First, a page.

“There’s a possible out after two years for both parties,” she said, but added that there’s also the possibility of extending for a total run of six years if things go well.

“There was some discussion of fine-tuning the role of public editor, sticking around a little longer, digging in a bit more.” (more...)
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New NYT public editor knows what it’s like to be in the hot seat

Nieman Reports
Buffalo News Editor Margaret M. Sullivan, named Monday as the next public editor for The New York Times, writes in the latest issue of Nieman Reports about how she dealt with outrage in Buffalo's black community that resulted from her paper's reporting. The essay provides some insight into how she thinks a newspaper should handle public outcry over its reporting — the sort of thing she'll keep an eye on and be subject to at the Times.

In August 2010, Sullivan writes, eight people were shot at a party in Buffalo; four of them died. All of the victims were black, as was a man who was later convicted of murder.

About a week after the shooting and the same day that the News covered the funeral of one of the victims, the paper published a front-page story with the headline "7 of 8 shooting victims had criminal past." (more...)

Buffalo News editor Margaret M. Sullivan to be next New York Times public editor

The New York Times | The Buffalo News
Margaret M. Sullivan, now editor of The Buffalo News, will succeed Arthur Brisbane as The New York Times public editor, becoming the first woman to hold the post. The Times announcement says the Web will become a larger part of the role for Sullivan:
Sullivan will continue to write a print column, but she will focus on a more active online role: as the initiator, orchestrator and moderator of an ongoing conversation about The Times’s journalism. That conversation will center on a blog and Web page on, along with an active social media presence.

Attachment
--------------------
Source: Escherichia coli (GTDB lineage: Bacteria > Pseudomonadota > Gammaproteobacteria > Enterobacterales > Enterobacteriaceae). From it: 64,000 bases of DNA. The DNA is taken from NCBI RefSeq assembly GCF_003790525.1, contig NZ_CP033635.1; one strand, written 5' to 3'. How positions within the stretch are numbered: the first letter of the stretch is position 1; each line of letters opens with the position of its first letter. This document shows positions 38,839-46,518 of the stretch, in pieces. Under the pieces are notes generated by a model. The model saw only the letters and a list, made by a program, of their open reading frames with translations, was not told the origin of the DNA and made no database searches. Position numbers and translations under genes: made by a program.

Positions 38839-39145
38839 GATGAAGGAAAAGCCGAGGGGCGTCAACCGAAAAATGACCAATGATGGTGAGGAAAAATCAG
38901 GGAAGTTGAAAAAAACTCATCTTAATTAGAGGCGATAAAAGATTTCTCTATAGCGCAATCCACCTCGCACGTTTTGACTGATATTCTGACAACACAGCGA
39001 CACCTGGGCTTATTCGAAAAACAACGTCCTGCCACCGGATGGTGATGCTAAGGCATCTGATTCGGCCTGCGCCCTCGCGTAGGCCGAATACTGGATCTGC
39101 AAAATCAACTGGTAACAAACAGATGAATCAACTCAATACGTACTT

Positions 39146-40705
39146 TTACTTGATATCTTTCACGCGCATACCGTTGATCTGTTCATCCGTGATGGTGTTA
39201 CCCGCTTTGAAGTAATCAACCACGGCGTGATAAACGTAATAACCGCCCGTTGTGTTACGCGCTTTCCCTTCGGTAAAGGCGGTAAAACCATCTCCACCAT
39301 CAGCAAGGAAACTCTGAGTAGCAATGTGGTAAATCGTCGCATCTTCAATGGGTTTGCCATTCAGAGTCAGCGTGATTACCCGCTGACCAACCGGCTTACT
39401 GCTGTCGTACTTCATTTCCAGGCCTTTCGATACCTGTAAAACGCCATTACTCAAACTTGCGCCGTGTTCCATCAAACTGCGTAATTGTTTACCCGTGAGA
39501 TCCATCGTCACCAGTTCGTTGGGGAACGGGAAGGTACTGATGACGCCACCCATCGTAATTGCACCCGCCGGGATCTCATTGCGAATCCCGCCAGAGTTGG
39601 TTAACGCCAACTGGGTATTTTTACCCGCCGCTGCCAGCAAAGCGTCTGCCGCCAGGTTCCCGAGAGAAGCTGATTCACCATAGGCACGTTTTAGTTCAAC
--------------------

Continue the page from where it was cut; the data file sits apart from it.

Executive Editor Jill Abramson, the first woman to hold that post, praised Sullivan's combination of print experience and willingness to adapt to new platforms:
"She has an impressive 32-year background in print journalism where she has distinguished herself as a reporter, columnist, editor and manager. And critically for us at this time, she has shown adeptness at embracing new platforms and engaging and interacting with readers in real time online, in print and in person.”
Sullivan writes a blog for the News and holds a monthly live chat with readers. She joined Twitter in January (her handle is @Sulliview), and she had about 540 followers as her new position was announced. (She may end up doubling that by the end of the day.)

She joined the News as a summer intern in 1980 and rose to the ranks to become the paper's first female editor. She was named to the Pulitzer Prize Board a year ago.

Unlike previous public editors, Sullivan has signed on for four years, reports Poynter's Bill Mitchell. She told him that she emphasized two roles in her application: “smart aggregator” and “forum organizer.” (more...)

Candidates for New York Times public editor job list their priorities

About a month ago, I received a rather cryptic email from a manager at The New York Times, asking me to give him a call.

I did, and was greeted with a surprising bit of information: I was on a … Read more


New York Times interviewing finalists for public editor job

The New York Times has narrowed its pool of candidates for the public editor position and hopes to make an announcement by the end of July, said Glenn Kramon, assistant managing editor for enterprise.

Kramon wouldn't say just how small the group is, but he allowed that it's been "narrowed significantly" to fewer than 10 from a finalist pool of 15. Times Publisher Arthur O. Sulzberger Jr. has started to interview the remaining candidates.

At least two of the leading candidates are women, he said, but he wouldn't comment further on diversity of the candidates. So far the post has been held by white men, all at least middle-aged. (more...)